In his 1999 State of the Union, President Clinton proposed a five-point plan to improve America's public schools. The White House holds that these proposals mark a "sea-change" in national education policy -- "for the first time holding states and school districts accountable for progress and rewarding them for results." Clinton's goal is to encourage Congress to target federal dollars for programs that work, not those that do not.
In the last State of the Union address of this century, President Clinton proposed a five-point plan to improve the nation's public school system. After congratulating the nation for working to amass current successes -- including financial aid options that have "finally opened the doors of college to all Americans," state-developed academic standards, the creation of a voluntary national test, technology in the schools, and an emphasis on class-size reduction -- Clinton outlined his proposal to drive public education into the 21st century.
"Now each year the national government invests more than $15 billion in our public schools," said Clinton. "I believe we must change the way we invest that money to support what works and to stop supporting what does not work."
He unveiled his Education Accountability Act, which combines accountability and results. According to a White House background report, the Education Accountability Act is "designed to hold students, teachers and schools to high standards, and to ensure that school districts and states provide students with a high quality education."
First, Clinton states that schools must end social promotion. He underscores the valiant efforts of the Chicago school district, which ended social promotion but supported students by making summer school mandatory for those who were not achieving at expected levels. Under Clinton's plan, states and school districts would have to show how they will help students meet promotion standards on time by:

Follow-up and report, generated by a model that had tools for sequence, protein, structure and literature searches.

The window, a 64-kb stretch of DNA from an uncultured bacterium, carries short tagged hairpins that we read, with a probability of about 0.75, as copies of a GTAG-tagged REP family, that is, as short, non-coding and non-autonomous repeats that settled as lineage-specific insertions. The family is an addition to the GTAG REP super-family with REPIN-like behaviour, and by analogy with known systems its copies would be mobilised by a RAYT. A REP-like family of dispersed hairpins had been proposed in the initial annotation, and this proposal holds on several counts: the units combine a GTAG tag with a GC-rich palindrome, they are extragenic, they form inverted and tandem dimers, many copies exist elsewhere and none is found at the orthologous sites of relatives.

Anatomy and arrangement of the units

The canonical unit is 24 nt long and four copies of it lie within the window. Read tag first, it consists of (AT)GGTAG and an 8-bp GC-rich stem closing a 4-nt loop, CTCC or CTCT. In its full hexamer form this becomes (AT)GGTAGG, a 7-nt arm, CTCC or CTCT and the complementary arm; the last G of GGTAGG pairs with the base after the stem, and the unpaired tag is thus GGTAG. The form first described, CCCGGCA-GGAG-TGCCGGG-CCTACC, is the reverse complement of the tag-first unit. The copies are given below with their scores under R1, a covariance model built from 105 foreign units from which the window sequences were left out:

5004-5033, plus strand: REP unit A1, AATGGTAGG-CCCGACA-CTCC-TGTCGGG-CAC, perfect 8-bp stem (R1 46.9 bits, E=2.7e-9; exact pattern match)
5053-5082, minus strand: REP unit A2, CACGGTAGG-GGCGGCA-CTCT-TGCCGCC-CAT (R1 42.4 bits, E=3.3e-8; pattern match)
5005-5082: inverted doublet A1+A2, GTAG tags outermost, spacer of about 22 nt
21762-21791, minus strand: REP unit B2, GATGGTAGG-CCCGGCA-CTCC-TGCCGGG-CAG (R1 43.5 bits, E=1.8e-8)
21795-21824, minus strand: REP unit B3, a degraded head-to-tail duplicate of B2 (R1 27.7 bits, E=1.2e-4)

Clinton's budget for the year 2000 proposes to triple federal funding for after-school and summer school programs (from $200 million to $600 million) to help schools that eliminate social promotion provide students with the extra help they need to succeed.
Next, Clinton demands that all states and school districts "must turn around their worst performing schools or shut them down." He notes that his policy is based on the efforts of North Carolina, where significant gains were made in test scores last year.
The President's budget includes $200 million to help states take steps to turn around schools. The Administration's legislation to reauthorize the Elementary and Secondary Education Act (ESEA) requires states to identify schools with the lowest achievement levels and least improvement. Corrective actions must be taken that could include intensive teacher training, support to improve school discipline, and implementation of proven approaches to school reform.
If these steps do not turn around the schools and improve student achievement in two years, Clinton's plan would require states to take additional corrective actions, such as permitting students to attend other public schools, or reconstituting the school by evaluating the staff and making any necessary staff changes, or closing the school and reopening it as a charter with an entirely new staff.
Clinton's third point stresses the need to put quality teachers in every classroom. The President pointed out that far too many teachers do not have college majors or minors in the subjects they teach. Under the ESEA proposal, states would be required to adopt performance examinations for all new teachers, requiring them to demonstrate both subject-matter knowledge and teaching expertise.